The tombstones at Ireland's largest and most historically important burial site read like a 'who's who' of Irish history, as most of the leading names of the last 150 years are buried here, including Daniel O'Connell and Charles Stewart Parnell. It was established in 1832 by O'Connell as a burial ground for people of all faiths – a high-minded response to Protestant cemeteries' refusal to bury Catholics.
A modern replica of a round tower acts as a handy landmark for locating the tomb of O'Connell, who died in 1847 and was reinterred here in 1869 when the tower was completed. Charles Stewart Parnell's tomb is topped with a large granite rock, on which only his name is inscribed – a remarkably simple tribute to a figure of such historical importance. Other notable people buried here include Sir Roger Casement, executed for treason by the British in 1916; the Republican leader Michael Collins, who died in the Civil War; the docker and trade unionist Jim Larkin, a prime force in the 1913 general strike; and the poet Gerard Manley Hopkins.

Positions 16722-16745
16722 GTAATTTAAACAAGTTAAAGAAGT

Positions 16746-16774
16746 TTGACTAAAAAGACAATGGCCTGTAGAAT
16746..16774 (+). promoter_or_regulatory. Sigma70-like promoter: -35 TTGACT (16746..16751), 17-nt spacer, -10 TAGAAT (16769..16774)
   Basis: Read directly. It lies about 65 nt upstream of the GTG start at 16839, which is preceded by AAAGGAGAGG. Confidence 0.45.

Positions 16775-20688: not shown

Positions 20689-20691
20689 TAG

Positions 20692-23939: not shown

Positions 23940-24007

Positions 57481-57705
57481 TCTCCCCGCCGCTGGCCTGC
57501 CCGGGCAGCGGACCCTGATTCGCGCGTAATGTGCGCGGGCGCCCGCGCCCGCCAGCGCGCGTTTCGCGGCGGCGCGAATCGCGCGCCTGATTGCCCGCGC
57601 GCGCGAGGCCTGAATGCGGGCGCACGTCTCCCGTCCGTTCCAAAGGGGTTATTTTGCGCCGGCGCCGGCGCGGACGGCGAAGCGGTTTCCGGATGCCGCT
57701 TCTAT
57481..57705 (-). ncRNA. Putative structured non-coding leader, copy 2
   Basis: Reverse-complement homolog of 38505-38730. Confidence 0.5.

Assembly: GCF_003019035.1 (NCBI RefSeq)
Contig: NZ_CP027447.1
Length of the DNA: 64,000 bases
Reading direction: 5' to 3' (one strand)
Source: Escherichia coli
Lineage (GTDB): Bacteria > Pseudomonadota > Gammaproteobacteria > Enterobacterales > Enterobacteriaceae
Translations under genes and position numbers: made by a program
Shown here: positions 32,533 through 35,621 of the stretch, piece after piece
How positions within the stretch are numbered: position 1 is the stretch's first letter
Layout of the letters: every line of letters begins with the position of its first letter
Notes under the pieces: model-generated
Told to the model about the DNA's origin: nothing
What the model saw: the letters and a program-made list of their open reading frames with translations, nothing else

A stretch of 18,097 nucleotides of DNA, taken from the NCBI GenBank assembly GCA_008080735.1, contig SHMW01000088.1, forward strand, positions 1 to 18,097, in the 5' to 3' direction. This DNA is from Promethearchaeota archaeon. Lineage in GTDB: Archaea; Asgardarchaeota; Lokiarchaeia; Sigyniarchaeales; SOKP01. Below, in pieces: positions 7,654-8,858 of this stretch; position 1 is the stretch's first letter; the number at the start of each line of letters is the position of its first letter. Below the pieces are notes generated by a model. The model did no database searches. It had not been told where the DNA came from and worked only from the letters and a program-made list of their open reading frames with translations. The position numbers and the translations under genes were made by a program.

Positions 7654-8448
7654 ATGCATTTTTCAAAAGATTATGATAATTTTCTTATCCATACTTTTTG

The history of the cemetery is told in wonderful, award-winning detail in the museum, which tells the social and political story of Ireland through the lives of the people, known and unknown, buried in the cemetery. The City of the Dead covers the burial practice and religious beliefs of the roughly 1½ million people whose final resting place this is, while the Milestone Gallery features a 10m-long digitally interactive timeline outlining the lives of the cemetery's most famous residents.
The best way to visit the cemetery is to take one of the daily tours (11.30am and 2.30pm year-round, also 1pm June to August) that will (ahem) bring to life the rich and important stories of those buried in what is jokingly referred to by Dubs as 'Croak Park'.